I’m sure these aren’t the only complications involved and it’s true that direct action gets the goods. I’m just not sure that this direct action is really going to work for Levison in the long-run. Especially if all of those other Filipinos liked the guy that Mike and Levison beat up. It might be a short-term victory for a really painful long-term loss.

It also seems wildly disproportionate and illogical to physically assault someone because they are pinning pricks in your coat. I mean, it sucks that the guy is doing it but you can easily just not talk to his wife, right? I mean, the dude is a jerk and he has ass-backwards norms about trust in relationships but that’s his problem and not yours. I understand he’s being an asshole by messing up your stuff but I don’t think that justifies (let alone makes it a good idea) to fuck his shit up.

But hey, that’s just my 2 cents on the matter. I wasn’t there and I’m still not sure what’s going to happen to Mike and Levison.

Though him being sent topside for beating up a co-worker doesn’t exactly strike me as a promising start…

As it turns out…nothing of recourse seems to happen to him. At least as of this next section. I’m not sure why no one retaliates but here’s some nice and baseless speculation for you:

No one expected Mike and Levison to attack that guy and when it happened it appeared (according to Levison) like it had been beautifully choreographed and meticulously planned. Such a level of detail wasn’t actually involved in the attack but the fact that onlookers thought it was may have scared them into thinking Levison knew what he was doing.

It’s also possible the fact that he felt confident enough to do it meant for everyone else that he didn’t care about his job and/or he had ins with the people up top. So why fuck with him when he either doesn’t care or doesn’t need to care?

Finally, the fact that Levison didn’t do that by himself could’ve been crucial. As it makes it seem like Levison has a ton of friends willing to back him up in case he needs to get rough with someone to show them that he doesn’t take kindly to them doing something he doesn’t like.

But ya know, I have no idea, really.

Anyways, topside Levison enjoys some fresh air and a lovely day for a while. Manages to get a job with Hale and Jeff in an hour and then doze off during his wait-period. Beautiful.

Before that though, Hale points out that there are some seagulls hovering around the water and repeatedly being eaten by sea lions. And they just keep staying there and getting eaten time in and time out.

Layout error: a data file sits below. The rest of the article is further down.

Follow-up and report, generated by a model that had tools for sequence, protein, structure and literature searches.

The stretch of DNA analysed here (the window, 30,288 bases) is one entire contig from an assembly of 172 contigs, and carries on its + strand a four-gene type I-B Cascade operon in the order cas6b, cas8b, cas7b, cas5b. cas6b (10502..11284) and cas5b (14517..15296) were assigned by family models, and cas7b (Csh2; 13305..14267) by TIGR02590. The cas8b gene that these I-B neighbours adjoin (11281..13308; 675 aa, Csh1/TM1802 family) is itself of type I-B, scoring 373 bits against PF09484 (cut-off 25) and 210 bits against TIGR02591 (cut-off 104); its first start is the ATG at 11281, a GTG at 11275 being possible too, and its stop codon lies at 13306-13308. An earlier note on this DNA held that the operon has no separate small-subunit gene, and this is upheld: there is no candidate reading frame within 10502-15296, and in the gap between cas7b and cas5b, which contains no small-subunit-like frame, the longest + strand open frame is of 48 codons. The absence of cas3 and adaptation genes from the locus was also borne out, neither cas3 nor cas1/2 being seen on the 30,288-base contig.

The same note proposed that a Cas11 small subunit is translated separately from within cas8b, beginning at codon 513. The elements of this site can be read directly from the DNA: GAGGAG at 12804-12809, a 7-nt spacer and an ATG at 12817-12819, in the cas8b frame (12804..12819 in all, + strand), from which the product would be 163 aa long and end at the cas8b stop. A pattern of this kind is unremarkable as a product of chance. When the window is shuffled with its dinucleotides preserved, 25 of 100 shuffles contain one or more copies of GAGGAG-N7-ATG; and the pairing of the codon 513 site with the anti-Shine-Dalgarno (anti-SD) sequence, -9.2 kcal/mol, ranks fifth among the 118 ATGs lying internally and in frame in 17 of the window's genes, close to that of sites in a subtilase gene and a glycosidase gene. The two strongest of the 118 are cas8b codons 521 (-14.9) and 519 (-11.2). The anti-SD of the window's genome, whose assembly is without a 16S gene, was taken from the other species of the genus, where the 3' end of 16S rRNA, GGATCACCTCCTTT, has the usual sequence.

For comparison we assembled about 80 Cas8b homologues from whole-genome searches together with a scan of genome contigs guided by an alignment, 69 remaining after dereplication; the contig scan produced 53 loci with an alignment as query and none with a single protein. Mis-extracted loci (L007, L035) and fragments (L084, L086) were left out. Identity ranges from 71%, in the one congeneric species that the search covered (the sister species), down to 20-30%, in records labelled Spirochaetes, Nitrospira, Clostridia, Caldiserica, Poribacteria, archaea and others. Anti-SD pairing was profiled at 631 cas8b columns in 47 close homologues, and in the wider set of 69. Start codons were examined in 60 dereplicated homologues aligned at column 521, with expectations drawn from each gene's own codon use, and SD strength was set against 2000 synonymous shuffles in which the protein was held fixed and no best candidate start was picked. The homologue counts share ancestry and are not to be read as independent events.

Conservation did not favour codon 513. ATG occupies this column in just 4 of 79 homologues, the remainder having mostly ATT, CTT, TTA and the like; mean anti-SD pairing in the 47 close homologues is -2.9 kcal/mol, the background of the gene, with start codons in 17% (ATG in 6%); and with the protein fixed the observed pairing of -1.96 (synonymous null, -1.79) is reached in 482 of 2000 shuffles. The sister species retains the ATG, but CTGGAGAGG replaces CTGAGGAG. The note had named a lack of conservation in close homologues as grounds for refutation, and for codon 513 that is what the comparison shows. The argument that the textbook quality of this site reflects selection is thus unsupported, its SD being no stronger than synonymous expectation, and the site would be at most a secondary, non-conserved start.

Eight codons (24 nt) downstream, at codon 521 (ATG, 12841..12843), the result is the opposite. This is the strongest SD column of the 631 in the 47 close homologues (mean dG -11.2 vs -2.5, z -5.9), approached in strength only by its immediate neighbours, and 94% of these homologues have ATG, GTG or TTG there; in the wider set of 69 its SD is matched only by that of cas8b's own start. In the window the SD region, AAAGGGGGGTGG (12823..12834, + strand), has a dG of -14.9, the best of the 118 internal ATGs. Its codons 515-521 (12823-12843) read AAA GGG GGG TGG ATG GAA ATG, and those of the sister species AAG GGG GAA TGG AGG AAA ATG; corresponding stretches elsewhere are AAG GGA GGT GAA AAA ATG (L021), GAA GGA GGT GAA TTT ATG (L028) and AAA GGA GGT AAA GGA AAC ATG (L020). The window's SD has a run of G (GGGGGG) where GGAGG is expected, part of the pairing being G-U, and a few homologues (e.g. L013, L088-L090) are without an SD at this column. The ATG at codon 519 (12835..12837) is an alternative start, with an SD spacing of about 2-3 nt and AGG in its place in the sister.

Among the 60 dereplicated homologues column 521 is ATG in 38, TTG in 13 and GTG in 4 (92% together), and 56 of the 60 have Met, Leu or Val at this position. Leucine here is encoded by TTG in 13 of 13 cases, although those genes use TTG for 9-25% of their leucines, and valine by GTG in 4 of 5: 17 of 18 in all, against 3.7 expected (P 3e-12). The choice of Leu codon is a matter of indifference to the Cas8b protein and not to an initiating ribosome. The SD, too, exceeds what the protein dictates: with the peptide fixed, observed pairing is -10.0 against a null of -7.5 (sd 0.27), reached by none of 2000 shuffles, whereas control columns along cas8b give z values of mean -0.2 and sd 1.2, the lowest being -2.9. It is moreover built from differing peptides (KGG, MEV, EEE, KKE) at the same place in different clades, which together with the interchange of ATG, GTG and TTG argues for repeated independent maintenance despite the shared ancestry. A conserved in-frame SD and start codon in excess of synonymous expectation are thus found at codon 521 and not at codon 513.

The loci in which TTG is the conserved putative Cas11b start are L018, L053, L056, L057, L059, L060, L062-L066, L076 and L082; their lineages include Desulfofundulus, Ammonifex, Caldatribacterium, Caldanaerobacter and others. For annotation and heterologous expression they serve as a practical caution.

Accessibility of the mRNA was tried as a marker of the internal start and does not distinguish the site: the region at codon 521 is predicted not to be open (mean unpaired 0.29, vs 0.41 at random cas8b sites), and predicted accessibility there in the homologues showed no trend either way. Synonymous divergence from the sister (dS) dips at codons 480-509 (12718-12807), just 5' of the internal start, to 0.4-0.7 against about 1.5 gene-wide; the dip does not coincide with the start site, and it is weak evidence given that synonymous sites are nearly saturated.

I’m…not sure if this is a metaphor for something but it very well could be given the conditions they are in.

Levison, before he takes a nap feels bad that he’s been rescued from being down there and being wet, cold and begging for a break. He decides that it’s just to good to be on the topside of the boat at an matter and lets the boat rock himself to sleep as he rests up against some rigging. A sign of things to come, perhaps?

Levison’s job with Hale and Jeff is mostly focused around putting ropes around pallets and giving someone the OK on another ship that it’s okay to be put on it. It doesn’t take much work and the scenery is nice so despite working well after nighttime (which happens at four o’clock in the afternoon) Levison isn’t feeling too bad.

Of course, that changes when he sees the state of the ship he just delivered all of that cargo to.

The people in it are more cramped than he is on the boat he works on and their surgical equipment on the boat seems to be about as advance as a rusty knife on a string. Clearly, as Levison puts it, “It’s good to be an American, even on the bottom rung.” (p. 86)

But even on top, as Levison has learned before there are prices to be paid. Being part of “the club” means your also part of a whole bunch of drama you never knew about and never probably wanted to be a part of. Jeff, for example, asks if Levison would “back them up” with Levison dumbly just saying yes and not questioning it much.

Mind you, I don’t think Levison is dumb because you probably have to act dumb in situations like this.

Levison is asked by an older man later in the day about Jeff or Hale and where they are but Levison isn’t sure.

And for the first time in the book, Levison loses his cool:

A few minutes later, Jeff and Hale come back.

“There was a guy here looking for you a while ago.”

“What did he look like?”

I describe him.

“Did he seem pissed off?”

“A little bit.”

This freaks them out. They ask me ten questions about the guy, mostly concerning his attitude and mental state. Did he seem this way, did he seem that way? the encounter was too brief and insignificant for me to remember the type of detail they need, and they become annoyed with me.

“You need to pay attention,” Jeff tells me.

“Maybe the next time you guys wander off you can tell me where the fuck you’re going,” I snap. They look at each other curious, then back down. I’m usually quiet and polite, at least by Alaskan standards.

Hale explains, “That guy makes about five million dollars a year.”